Evangelizing, as a Hypothetical Christian

I think Christians generally do an inadequate job of evangelizing. I did poorly when I was an evangelical. That’s partly because Christian mythology is incoherent and confusing. If I believed in the Christian god now, and were trying to win over the unsaved, here’s what I would tell the potential convert:

There is no hell. God is not bent on punishing people. Our version of the story of the Fall and expulsion from the Garden is badly composed. It is not meant to be about capital punishment for breaking a rule, it is a story about coming of age as humans, of learning the difference between good and evil. You do not need to be saved; you need to grow.

The crucifixion was not a blood sacrifice for our disobedience. Jesus was executed for speaking truth that threatened to destabilize the establishment. He expected us to take on the same kind of risk.

God cannot prevent all evil from happening. He is good, but he’s not perfect, and he is not infinitely powerful. He is not spying on your activities. He is a god you can relate to.

Jesus was not concerned with following the rules, nor with blind faith; he was about being genuine. He was about being connected with the holy, the good.

The Bible is not God. You cannot use it as a replacement for common sense and morality. Take what is beautiful and meaningful from it, and understand that the rest is literature that describes an ancient culture.

I must repeat that I am not a Christian. These are my thoughts on what I would do differently now that I know better, not a criticism of religious people or evangelicals in particular.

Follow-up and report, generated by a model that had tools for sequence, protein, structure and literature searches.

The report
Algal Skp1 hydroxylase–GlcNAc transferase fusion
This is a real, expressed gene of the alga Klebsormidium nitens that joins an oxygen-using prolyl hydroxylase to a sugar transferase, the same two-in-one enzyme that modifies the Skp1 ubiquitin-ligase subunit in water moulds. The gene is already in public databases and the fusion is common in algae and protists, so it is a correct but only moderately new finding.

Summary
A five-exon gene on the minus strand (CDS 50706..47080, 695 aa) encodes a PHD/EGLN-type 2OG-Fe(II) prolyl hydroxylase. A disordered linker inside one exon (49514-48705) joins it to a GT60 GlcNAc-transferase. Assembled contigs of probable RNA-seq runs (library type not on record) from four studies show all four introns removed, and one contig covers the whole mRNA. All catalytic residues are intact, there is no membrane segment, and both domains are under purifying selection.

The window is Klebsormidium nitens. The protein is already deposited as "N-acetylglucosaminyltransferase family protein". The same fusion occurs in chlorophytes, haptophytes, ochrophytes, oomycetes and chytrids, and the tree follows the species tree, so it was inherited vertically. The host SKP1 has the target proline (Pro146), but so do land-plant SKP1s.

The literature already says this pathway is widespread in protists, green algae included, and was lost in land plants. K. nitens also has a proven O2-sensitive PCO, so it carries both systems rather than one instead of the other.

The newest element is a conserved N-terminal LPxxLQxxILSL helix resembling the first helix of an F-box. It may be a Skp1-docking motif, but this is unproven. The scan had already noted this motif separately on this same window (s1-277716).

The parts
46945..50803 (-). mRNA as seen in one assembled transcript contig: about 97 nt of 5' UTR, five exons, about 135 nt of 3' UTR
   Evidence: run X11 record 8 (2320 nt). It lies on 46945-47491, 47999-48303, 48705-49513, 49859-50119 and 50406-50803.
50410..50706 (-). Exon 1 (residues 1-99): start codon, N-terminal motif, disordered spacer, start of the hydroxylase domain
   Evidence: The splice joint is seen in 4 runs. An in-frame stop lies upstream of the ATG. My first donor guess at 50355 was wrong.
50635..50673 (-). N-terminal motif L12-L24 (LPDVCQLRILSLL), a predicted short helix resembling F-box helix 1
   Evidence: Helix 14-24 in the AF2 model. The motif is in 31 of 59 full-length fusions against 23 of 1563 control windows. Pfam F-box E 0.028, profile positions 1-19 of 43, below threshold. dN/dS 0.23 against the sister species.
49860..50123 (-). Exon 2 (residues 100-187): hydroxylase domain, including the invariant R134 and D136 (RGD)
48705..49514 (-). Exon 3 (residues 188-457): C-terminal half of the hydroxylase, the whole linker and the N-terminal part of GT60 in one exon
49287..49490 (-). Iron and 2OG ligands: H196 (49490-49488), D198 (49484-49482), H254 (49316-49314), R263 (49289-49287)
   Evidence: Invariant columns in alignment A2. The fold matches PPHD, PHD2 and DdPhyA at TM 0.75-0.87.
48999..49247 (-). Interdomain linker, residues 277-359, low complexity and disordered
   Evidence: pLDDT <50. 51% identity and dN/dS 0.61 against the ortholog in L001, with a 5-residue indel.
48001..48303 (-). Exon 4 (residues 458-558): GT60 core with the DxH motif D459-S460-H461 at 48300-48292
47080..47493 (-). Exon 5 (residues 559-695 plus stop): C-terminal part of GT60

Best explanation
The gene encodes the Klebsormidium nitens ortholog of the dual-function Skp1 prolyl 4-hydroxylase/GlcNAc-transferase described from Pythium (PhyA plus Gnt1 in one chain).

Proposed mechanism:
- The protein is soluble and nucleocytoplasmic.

Title image credit: The Naked Pastor.

 

About Chiefy

Intercultural communicator, social activist, family man, aspiring author.
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8 Responses to Evangelizing, as a Hypothetical Christian

  1. Tyler says:

    Better than your average preacher. I might comment that I think God is all powerful in the only meaningful sense of the word. God’s power isn’t over us, but through us. I also don’t believe in evil. But other than that good job. Maybe you could put a package together and sell it to Christians on the internet to help them preach :)

  2. Chiefy says:

    Thanks Tyler. I’d be willing to work on that package, but I have a feeling that the Christians wouldn’t buy it. :-?

    I don’t believe that good and evil are defined by a god, but I have experienced enough of each to be sure they exist. Morality may be relative, but it is not merely subjective. I think I need to write a post on that. Stay tuned.

    • Tyler says:

      I’m unclear on how it could be relative without being subjective?

      In certain terms I believe both exist, but I do not believe in objectively bad things.

    • Chiefy says:

      Look at it this way: morality is relatively objective. Reasonable, well-informed people can agree on the rightness or wrongness of many things. That makes it objectively true. You will never get everyone in the world to agree, even on just one thing, so it’s not absolutely objectively true. There is no reason to believe that there are any absolutes, or is there were, that we could have certain knowledge of them. So morality is relative, not absolute, and it is also more objective than subjective.

      • Max says:

        Ah, very good article, Chiefy.